What’s the best sleeping bag, or other system, for the tropics?
I'm going on a sea kayaking trip in Palau and looking for recommendations on the best sleeping gear. Can you recommend a tropical weight sleeping bag or other solution that provides some cover without too much warmth? John Washington, D.C.
Get access to everything we publish when you sign up for Outside+.
Oh, the nervy, insouciant way with which some people mention things. Yes, Im going sea kayaking in Palau,” or, Oh, Ill be at my villa in Tuscany for the rest of the month,” or Please dont call me for a week, as Ill be skiing through the Alps and will simply refuse to answer the phone.”
Cocoon Ripstop Silk Mummy LinerCocoon Ripstop Silk Mummy Liner
While the rest of us sit and work, giving advice so that other people can enjoy their splendiferous vacations just a pinch more.
But I digress. If I were flying to Palau to go sea kayakingdid I mention Im not doing that, although Im not at all bitter about itId take two things. One would be a silk sleep-sack, just a very light piece for nights when its too warm for anything else but youd like a little something to tuck yourself into. The Cocoon Ripstop Silk Mummy Liner ($65; www.rei.com) is just the deal. Use it as a superlight sleeping bag, or add it to any bag for more warmth. It also helps keep a sleeping bag clean.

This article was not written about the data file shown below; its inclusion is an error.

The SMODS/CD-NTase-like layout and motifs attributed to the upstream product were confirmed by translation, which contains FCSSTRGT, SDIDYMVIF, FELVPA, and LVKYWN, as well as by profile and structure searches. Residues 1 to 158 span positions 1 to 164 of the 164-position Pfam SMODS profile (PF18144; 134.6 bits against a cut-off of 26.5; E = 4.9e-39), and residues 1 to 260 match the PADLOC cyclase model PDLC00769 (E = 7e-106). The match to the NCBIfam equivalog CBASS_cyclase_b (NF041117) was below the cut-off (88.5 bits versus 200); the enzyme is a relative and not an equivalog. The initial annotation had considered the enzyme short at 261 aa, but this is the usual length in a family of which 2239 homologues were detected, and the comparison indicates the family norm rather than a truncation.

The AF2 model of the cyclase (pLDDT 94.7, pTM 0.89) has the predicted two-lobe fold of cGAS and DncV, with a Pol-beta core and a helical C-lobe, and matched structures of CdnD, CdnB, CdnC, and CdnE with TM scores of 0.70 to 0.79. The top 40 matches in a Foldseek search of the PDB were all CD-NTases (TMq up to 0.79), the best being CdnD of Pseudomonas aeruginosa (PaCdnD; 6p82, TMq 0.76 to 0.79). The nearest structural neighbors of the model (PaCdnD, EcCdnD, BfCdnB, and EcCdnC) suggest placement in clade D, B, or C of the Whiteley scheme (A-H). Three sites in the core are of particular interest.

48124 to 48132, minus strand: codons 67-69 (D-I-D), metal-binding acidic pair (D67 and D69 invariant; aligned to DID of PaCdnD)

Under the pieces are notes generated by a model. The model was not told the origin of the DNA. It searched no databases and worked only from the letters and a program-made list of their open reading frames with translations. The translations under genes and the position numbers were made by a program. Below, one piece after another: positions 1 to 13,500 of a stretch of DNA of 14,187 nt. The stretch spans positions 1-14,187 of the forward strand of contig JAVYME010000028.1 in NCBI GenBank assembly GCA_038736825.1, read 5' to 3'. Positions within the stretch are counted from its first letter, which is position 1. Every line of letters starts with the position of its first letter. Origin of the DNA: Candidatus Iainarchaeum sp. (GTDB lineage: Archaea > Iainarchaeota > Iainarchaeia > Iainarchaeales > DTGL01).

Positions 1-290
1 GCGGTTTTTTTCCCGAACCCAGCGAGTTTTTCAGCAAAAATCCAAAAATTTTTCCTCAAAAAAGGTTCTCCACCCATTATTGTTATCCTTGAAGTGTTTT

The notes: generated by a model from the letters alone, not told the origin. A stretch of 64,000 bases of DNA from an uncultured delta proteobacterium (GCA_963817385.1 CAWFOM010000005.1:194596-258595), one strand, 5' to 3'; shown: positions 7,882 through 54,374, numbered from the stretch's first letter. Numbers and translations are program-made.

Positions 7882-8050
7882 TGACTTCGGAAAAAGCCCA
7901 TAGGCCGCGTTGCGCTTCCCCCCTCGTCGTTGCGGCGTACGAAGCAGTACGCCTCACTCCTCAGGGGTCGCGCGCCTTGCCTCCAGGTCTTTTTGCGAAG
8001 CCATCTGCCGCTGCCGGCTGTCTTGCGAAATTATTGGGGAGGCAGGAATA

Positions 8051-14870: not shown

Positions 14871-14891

For a bag, I like the Marmot Pounder ($159; www.marmot.com). As advertised, it weighs one pound, and has a 40-degree temperature rating. The insulation, such as it is, is Primaloft, which I like for its softness and water-resistance. With the silk liner, that combo actually would keep you snug into the low 30s, as if that were a worry in this case. Or, theres REIs Travel Down +45 bag ($75; www.rei.com), a down-filled warm-weather bag that in turn can be used for a bag liner when youre back in a cold climate.
Anyway, happy kayaking. Grrr.
Check out this years more than 400 must-have gear items, including a comprehensive sleeping bags section, in the 2006 Buyers Guide.